If the chancellor wants to know the real reasons parents choose charter over traditional public schools, he should just ask us. Or the 53,000 families on charter waiting lists across New York City. Yet I feel like he already knows: Department of Education-run schools are failing kids miserably in neighborhoods like Harlem — while charters are working wonders.
Bklyner / By Pamela Wong
Originally published: 11.14.2018
Dozens of fourth graders at Success Academy Cobble Hill participated in the school’s first-ever Empty Bowls fundraiser to help feed hungry New Yorkers. The hardworking students, and some faculty, created 215 colorful bowls which they sold for $5 each at a potluck lunch Wednesday afternoon. All funds raised from the sales of the bowls will benefit Food Bank For New York City.
Crains New York / By Steven Galbraith
Originally published: 11.9.2018
Based on the Success chairman of the Network Board, Steven Galbraith, knows there’s a major cognitive dissonance among both our political detractors and supporters. More than 94% of Success Academy scholars are of color. They come from all five boroughs. The median annual income of our families is under $45,000. Of our seven-person leadership team, six—including CEO Eva Moskowitz—are women, and 46% of our teachers are minorities, compared with less than 20% nationally. Collectively, the Success community could hardly be described as the prototypical beneficiary of radical right-wing politics.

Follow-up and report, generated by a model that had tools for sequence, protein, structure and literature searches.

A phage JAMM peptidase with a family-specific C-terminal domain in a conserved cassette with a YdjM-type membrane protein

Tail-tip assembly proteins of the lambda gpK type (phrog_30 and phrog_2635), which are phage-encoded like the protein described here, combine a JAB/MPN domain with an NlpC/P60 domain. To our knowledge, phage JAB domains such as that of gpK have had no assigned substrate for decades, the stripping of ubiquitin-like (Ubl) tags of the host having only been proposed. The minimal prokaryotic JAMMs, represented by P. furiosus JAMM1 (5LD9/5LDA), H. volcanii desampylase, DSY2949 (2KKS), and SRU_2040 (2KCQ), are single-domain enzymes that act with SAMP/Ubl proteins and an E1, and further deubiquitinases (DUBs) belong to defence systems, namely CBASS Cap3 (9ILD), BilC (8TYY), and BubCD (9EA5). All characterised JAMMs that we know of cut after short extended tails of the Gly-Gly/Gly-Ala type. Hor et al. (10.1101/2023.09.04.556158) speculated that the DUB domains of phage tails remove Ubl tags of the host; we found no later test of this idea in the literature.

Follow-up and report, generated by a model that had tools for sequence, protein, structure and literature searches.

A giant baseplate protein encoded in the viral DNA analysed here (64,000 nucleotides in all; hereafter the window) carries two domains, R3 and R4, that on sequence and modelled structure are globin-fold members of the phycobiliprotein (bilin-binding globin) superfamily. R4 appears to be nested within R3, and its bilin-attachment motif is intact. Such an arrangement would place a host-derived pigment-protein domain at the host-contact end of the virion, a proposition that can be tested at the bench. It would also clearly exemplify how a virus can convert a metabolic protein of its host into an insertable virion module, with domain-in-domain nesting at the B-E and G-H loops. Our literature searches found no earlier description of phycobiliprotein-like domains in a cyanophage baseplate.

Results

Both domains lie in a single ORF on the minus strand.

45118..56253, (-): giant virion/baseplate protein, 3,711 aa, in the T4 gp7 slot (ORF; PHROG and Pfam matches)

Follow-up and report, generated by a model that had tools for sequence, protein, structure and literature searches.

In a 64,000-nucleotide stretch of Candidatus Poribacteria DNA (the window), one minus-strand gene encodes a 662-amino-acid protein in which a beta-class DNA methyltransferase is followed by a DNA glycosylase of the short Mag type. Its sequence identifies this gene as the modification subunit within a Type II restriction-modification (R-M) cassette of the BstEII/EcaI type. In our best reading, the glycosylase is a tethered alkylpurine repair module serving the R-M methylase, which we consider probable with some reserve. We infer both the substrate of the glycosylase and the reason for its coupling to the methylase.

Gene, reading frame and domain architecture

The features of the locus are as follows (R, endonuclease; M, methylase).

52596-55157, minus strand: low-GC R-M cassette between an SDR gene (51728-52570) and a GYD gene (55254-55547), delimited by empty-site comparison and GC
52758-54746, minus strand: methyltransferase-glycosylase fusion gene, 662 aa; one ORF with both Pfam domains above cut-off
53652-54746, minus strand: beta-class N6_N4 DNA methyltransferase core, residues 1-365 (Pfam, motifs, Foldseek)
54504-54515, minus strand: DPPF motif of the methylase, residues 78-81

Globe Newswire / By Jennifer Diaz
Originally published: 10.25.2018
The Foundation for Excellence in Education (ExcelinEd) announced today that Eva Moskowitz, the founder and CEO of Success Academy Charter Schools, will be honored at the 2018 National Summit on Education Reform on Friday, December 7 in Washington, D.C.
New York Post / By Selim Algar
Originally published: 10.18.2018
At a rally Thursday morning, Success Academy officials said Mayor Bill de Blasio has drastically curbed charter-school accommodations in city buildings. A total of 150 charter school co-locations were approved between 2009 and 2013. Under de Blasio, that number dipped sharply to 54 between 2014 and this year.